Kgalagadi Transfrontier Park

Nature Reserve in Kalahari

In 2000 the former Mabuasehube-Gemsbok National Park was combined with South Africa’s former Kalahari Gemsbok National Park to create the new Kgalagadi Transfrontier Park. The result is a 28,400-sq-km bi-national park that is one of the largest and most pristine arid wilderness areas on the continent. The park is also the only place in Botswana where you’ll see the shifting sand dunes that many mistakenly believe to be typical of the Kalahari.

Kgalagadi is home to large herds of springboks, gemsboks, elands and wildebeest, as well as a full complement of predators, including lions (official estimates put the lion population of the park at around 450), cheetahs (200), leopards (100), brown hyenas (600) and spotted hyenas (375). More than 250 bird species are present, including several endemic species of larks and bustards.

Mabuasehube Section

The eastern Mabuasehube section covers 1800 sq km and is the easiest area of the park to access from the Botswana side of the border. Here, a series of salt pans, separated by classic Kalahari scrub vegetation, makes this section of the park a worthwhile destination in its own right. That said, if you restrict yourself to Mabuasehube and surrounding pans alone, you'll miss the exceptional breadth of Kalahari landscapes that is a feature of this park.

The two largest pans, Mpayathutlwa and Mabuasehube, are also the most beautiful, surrounded as they are by low hills from where there are some gorgeous views early in the morning or late in the day. There are 4WD trails that circumnavigate both pans. Mpayathutlwa Pan, 12km west of the park gate, has a waterhole at the northern end (some of the best views are to be found close to where the trail leads down the hill to the waterhole) and two appealing campsites on the western side. Mabuasehube Pan, around 10km north of Mpayathutlwa, is similarly superb, with marvellous views from all along the southern edge and parts of the eastern and western sides; the trail heads off into the bush at the northern end, but there is a fine lookout around halfway around. Mabuasehube Pan is used as a salt lick by migrating herds in late winter and early spring.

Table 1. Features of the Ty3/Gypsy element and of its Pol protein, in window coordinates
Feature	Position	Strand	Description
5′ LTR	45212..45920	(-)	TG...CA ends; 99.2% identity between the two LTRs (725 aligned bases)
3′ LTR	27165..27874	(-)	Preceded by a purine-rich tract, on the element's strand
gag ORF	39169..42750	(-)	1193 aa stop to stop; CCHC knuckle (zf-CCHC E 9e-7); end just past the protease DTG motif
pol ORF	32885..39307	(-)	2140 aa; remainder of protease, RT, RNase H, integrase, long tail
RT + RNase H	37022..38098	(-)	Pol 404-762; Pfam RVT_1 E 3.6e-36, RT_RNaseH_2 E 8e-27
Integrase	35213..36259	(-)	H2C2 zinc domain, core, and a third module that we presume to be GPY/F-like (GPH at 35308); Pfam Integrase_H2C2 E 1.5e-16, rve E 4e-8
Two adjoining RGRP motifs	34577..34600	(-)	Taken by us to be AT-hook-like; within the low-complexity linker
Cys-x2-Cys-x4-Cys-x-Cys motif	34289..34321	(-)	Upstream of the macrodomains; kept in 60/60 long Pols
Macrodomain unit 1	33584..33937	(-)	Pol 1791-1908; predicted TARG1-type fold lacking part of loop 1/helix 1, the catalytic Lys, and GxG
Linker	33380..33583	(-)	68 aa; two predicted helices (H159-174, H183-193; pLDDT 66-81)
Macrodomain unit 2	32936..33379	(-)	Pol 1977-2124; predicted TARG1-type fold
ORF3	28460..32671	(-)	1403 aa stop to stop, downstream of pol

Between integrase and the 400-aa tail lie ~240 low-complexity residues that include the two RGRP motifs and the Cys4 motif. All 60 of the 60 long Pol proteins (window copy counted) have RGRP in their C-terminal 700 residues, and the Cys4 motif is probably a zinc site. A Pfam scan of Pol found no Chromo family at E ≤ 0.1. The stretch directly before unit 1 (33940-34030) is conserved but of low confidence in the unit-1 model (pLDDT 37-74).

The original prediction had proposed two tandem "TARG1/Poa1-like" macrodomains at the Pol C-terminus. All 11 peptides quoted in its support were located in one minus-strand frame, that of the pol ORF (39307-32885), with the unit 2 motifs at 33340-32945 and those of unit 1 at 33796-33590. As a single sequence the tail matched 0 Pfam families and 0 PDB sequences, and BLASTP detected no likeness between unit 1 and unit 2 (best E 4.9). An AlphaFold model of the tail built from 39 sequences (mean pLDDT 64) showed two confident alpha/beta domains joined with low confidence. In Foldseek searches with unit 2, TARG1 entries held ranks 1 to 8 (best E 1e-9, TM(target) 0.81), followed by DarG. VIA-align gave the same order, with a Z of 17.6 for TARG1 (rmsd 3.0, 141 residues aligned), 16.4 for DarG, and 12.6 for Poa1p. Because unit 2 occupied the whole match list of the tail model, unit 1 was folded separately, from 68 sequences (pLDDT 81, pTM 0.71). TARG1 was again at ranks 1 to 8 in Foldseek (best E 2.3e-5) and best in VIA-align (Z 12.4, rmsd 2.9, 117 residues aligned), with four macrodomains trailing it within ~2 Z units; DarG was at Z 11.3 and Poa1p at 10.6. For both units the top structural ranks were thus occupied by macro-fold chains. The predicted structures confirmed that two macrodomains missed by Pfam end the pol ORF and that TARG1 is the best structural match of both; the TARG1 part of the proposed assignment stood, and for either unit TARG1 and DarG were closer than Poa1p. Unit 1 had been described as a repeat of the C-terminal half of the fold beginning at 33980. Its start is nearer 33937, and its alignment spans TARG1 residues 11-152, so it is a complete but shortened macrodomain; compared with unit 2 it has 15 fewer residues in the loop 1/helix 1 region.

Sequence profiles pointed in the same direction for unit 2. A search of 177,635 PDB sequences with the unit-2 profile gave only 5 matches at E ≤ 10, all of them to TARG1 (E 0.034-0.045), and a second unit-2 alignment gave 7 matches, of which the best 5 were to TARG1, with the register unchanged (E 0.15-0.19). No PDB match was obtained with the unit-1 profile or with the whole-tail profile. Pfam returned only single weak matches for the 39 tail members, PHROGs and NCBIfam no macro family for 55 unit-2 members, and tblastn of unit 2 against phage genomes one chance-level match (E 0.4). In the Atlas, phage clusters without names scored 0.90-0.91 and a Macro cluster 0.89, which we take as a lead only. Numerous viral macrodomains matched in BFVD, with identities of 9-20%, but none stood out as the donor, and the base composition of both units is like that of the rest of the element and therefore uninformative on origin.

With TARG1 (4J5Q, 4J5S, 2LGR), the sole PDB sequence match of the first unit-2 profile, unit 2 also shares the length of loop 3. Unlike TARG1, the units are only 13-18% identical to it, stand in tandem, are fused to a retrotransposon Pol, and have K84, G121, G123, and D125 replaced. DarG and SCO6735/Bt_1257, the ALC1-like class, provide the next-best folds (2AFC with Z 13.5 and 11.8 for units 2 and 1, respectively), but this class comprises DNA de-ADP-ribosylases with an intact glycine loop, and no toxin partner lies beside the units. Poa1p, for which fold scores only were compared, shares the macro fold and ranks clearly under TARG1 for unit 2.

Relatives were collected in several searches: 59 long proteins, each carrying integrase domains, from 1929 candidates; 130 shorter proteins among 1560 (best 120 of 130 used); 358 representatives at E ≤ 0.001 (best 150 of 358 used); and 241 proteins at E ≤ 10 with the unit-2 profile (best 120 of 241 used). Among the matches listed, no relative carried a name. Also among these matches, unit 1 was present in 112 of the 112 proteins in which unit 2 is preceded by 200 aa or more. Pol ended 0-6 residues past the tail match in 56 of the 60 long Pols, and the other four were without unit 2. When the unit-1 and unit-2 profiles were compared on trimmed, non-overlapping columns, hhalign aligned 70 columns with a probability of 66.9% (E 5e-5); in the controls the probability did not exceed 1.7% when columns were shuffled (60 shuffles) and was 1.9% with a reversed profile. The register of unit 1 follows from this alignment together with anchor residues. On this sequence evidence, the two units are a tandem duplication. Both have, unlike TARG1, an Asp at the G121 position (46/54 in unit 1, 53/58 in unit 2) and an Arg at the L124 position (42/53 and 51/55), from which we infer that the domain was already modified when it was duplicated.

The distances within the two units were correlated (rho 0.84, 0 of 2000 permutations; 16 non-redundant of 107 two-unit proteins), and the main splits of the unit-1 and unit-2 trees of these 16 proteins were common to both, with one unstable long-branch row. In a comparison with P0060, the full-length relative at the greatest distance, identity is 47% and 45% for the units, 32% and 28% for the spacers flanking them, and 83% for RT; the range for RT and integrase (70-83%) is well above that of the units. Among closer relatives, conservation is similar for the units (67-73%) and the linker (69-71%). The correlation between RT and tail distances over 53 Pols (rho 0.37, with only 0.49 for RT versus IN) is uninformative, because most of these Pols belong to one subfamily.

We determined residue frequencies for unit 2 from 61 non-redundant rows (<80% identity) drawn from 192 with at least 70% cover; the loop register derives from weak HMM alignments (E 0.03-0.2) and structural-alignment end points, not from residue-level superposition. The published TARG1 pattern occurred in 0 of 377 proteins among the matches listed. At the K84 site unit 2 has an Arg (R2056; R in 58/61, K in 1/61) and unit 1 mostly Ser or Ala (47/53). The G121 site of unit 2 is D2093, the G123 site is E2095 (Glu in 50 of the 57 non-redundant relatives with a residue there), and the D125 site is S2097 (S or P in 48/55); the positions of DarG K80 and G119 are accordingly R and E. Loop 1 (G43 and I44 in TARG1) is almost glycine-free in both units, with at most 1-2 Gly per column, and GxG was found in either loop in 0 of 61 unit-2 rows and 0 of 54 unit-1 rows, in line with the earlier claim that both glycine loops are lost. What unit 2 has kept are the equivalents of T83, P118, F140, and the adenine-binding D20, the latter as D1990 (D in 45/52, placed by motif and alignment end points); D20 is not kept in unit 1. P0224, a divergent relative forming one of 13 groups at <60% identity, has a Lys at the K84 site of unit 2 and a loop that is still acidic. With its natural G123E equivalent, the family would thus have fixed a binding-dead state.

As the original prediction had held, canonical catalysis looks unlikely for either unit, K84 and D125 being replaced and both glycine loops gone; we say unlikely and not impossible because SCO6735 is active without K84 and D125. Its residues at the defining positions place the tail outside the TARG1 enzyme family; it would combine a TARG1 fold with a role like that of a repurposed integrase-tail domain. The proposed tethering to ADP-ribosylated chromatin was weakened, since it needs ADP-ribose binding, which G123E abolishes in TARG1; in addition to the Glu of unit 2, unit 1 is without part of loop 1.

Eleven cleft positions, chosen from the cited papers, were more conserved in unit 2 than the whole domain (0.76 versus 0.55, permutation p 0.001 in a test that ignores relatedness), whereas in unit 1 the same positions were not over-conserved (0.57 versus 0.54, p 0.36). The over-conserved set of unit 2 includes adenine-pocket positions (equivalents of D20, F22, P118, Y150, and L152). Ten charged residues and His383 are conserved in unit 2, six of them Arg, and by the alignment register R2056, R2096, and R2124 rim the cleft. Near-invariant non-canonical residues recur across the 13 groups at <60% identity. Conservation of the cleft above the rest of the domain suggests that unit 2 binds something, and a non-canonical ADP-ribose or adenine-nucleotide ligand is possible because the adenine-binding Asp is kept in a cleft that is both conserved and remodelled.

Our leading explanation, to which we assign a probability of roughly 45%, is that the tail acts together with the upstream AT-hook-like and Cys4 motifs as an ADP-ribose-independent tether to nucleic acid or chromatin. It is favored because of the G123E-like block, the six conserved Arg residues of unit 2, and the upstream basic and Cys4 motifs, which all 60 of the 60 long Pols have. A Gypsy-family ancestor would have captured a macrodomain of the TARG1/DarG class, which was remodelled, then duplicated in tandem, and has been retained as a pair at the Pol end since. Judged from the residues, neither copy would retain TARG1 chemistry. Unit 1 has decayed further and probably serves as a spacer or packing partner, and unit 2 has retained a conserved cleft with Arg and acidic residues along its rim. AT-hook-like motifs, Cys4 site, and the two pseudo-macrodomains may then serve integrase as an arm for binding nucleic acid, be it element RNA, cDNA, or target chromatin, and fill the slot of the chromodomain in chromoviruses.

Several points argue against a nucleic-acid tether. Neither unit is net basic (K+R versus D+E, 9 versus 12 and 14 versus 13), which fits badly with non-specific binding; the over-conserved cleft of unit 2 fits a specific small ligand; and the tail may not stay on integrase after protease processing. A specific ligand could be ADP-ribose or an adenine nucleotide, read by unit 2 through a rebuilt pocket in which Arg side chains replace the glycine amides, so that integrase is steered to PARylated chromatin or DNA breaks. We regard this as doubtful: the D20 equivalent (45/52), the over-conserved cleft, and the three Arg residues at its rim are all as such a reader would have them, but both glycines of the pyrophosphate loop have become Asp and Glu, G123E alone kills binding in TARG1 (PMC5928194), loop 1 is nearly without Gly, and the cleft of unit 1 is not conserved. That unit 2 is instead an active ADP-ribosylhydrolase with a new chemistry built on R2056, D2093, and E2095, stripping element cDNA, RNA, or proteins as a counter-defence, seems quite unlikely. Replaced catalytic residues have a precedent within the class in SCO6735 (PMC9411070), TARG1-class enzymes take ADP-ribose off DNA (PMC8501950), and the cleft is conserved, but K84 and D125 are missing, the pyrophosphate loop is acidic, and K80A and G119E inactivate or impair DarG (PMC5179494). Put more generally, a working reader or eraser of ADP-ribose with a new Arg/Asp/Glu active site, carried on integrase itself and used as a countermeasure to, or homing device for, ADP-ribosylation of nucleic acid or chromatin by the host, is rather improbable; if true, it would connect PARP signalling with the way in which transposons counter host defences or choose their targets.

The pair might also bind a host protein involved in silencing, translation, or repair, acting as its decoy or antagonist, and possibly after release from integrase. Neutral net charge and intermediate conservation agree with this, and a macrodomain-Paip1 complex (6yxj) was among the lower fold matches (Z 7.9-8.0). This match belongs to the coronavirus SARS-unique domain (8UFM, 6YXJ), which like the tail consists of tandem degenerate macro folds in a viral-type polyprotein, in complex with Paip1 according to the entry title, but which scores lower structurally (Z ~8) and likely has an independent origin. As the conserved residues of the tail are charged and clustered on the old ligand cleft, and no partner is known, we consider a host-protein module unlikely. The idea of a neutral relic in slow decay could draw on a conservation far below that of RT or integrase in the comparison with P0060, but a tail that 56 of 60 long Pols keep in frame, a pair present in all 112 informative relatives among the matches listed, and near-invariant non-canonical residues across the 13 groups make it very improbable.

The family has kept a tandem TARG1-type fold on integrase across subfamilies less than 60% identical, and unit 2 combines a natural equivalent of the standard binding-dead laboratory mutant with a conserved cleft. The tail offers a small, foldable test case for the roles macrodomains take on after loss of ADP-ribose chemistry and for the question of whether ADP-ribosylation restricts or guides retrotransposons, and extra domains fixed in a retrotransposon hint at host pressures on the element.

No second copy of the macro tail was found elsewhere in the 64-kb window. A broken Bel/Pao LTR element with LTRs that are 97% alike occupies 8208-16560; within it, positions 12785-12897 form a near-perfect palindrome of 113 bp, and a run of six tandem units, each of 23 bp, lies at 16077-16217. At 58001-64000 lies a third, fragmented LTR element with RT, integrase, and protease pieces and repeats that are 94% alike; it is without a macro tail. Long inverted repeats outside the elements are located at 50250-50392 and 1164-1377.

The other, smaller pans – Lesholoago, Monamodi and Bosobogolo – are also worth exploring. On the northern side of Khiding Pan, 11km west of Mabuasehube Pan, meerkats are a real possibility if you go quietly.

Two Rivers Section

Although you can reach the Two Rivers section from either Kaa or Mabuasehube, access is still easiest from South Africa. However you get here, the pools of rainwater that collect in the dry beds of the Auob and Nossob Rivers provide the best opportunities for wildlife viewing in the park. Here you'll also come across Kalahari dunes and camel thorn–dotted grasslands.

We recommend spending at least three days in this area of the park, slowly making your way back and forth along the riverbanks and dipping down to the river's edge where possible, but allowing time also for watching and waiting from the shadows as wildlife comes and goes. Look up also into the trees for horizontal branches that might just provide a vantage point for a sleeping leopard.

There's a lot of ground to cover – it's 161km from Two Rivers to Nossob, and a further 61km to Polentswa and this section offers the best wildlife watching - and that's just along the Nossob River. Over on the Auob River, it's 121km from Two Rivers to Mata Mata, which will take around 2½ hours, or even longer if you stop along the way, as you will in all likelihood. And don't neglect the trails that connect the two rivers – it is a little-known fact that lion prides thrive close to river confluences, and this is classic Kalahari lion country.

Getting There & Away

The Two Rivers Section is accessible from the south via Two Rivers and Twee Riverien and from the north via Kaa. Access to the Kalahari Gemsbok National Park is via Twee Rivieren. Both are about 53km north of the Bokspits border crossing. The border crossings to Namibia at Union’s End and Mata Mata are closed because traffic disturbs the wildlife.

To get to Mabuasehube Gate, most travellers coming from the Botswana side take the sealed road from Kang, southwest to Hukuntsi (108km). Just before Hukuntsi, a potholed road branches left (south) to Lokgwabe (11km). From Lokgwabe, an unsealed road (which was re-graded in 2016 but remains sandy in patches) runs south, then east, then south again for 136km to Mabuasehube Gate. The gate is signposted at various points along the way from Lokgwabe. Allow for three hours' driving from Kang to the gate.

To reach Kaa Gate from the Botswana side, make your way to Hukuntsi, pass through the town and take the reasonable unsealed road heading southwest. From Hukuntsi, it's 59km to the small settlement of Zutshwa then a further 73km to the gate. Mabuasehube Section is possible from the south (via Tshabong), north (via Tshane) and east (via Werda).

Getting Around

You’ll need your own 4WD vehicle for getting around the park, although some of the camps are accessible by 2WD.

Two 4WD trails connect the Two Rivers and Mabuasehube sections of the park, but only the southernmost of the two (which connects Nossob and Bosobogolo Pan, 171km away and 20km southwest of Mabuasehube Gate) is open to the public. The northern Mabuasehube Wilderness 4x4 Trail (155km) must be pre-booked through the DWNP in Gaborone or Maun.


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